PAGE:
The Saturn Stage presents information on trigonometry for altitude tracking, and physics of impulse and thrust associated with solid rocket engines.
Cadets who complete the written and performance requirements for each of the 3 stages, as certified by their unit commander, will be awarded the Cadet Model Rocketry Badge.
If you’re new to CAP, or if you’re just watching from the sidelines, and you’ve never heard of Col. Mary Feik, watch this and be inspired.
This video is provided by Lt. Col. Mike Cramer, Civil Air Patrol, Colorado Springs Cadet Squadron, Group 3, Colorado Wing, Rocky Mountain Region. Many thanks to the Colorado Wing for putting this video in the public domain. From its YouTube location, the following text is provided:
“Mary S. Feik is an aviation engineer, master mechanic, pilot, instructor and aircraft restorer. She has received many awards and honors in her storied career and is a colonel in the Civil Air Patrol.
Col. Mary Feik is a national treasure who has the biggest heart we know. She is 100 percent devoted to CAP and every cadet who has worn and continues to wear the uniform. She has the solid gold Presidential pin to prove it! Every year she tries to visit as many cadets as she can to share her amazing story. For those who have not had the honor and privilege to meet her and receive a personally autographed Feik achievement certificate, this video is the next best thing. She’ll tell you to follow her dad’s advice, ‘Aim high and follow your dreams … because it worked for me!’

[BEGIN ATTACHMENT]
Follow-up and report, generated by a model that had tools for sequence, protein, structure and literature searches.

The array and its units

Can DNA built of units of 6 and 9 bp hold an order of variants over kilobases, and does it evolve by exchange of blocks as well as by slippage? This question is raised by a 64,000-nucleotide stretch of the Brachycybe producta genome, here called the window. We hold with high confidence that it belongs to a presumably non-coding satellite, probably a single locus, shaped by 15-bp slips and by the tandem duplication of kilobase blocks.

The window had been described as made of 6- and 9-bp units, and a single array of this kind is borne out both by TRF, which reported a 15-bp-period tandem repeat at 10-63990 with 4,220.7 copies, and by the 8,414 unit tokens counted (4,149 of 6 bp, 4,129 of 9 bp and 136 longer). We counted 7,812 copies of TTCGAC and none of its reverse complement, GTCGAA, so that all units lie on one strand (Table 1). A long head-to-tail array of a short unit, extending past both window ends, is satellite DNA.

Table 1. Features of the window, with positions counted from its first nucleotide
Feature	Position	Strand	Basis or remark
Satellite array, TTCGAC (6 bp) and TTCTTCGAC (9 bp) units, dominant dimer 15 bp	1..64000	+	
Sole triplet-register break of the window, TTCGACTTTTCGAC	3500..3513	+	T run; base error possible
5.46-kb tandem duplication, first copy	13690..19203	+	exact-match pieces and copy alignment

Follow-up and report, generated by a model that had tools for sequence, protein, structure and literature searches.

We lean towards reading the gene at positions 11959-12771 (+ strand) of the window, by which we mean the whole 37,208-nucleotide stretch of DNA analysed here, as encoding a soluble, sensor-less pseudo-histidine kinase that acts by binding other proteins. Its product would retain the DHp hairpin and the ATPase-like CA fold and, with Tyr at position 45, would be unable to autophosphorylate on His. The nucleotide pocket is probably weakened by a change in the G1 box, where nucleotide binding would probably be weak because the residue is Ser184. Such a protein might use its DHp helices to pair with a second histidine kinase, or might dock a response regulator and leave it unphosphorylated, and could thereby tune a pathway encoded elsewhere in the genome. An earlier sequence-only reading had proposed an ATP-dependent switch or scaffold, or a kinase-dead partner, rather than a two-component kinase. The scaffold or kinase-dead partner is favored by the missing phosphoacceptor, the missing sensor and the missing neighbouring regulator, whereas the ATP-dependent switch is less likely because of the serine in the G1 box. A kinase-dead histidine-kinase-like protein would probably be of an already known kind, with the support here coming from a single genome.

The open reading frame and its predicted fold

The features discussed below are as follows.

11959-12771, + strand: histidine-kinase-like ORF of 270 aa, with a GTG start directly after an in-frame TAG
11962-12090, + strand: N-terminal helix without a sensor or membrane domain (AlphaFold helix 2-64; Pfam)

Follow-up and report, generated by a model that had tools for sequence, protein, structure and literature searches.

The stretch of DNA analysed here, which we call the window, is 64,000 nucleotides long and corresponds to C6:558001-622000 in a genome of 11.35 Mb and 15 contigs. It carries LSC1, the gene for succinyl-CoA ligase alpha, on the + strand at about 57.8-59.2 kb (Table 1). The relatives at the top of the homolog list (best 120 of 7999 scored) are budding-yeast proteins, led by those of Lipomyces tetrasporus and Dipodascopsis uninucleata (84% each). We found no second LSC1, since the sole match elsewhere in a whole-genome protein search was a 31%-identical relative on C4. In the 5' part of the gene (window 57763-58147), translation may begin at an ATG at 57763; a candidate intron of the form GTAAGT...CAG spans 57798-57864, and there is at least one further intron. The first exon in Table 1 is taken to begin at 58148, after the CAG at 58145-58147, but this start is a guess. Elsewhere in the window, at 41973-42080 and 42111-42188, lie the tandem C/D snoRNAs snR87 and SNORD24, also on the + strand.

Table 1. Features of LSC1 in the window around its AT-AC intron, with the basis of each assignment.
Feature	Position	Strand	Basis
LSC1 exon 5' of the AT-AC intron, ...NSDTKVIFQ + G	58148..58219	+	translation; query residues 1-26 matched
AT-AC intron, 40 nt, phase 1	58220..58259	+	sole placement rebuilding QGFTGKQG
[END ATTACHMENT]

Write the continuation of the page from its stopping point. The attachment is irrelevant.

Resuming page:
Of course, this movie would not have been possible without the hundreds of hours volunteered by our own CAP senior member and movie producer, Ed Flanagan. Ed is the owner and producer of the Manitou Motion Picture Co. in Colorado Springs. He is a first-class guy who delivered a first-class movie!”
Last Thursday’s aerospace education segment, presented by Lt. Col. Ray Greene, covered a Vietnam War era operation in southeast Asia called Igloo White. His presentation was delivered not simply from the perspective of a military aviation history buff, but through that of a participant. Lt. Col. Greene flew in this operation personally. A highly decorated F-4 pilot, Greene’s take on the operation was delivered with his usual wry wit and commentary, possible only from someone who has “been there.”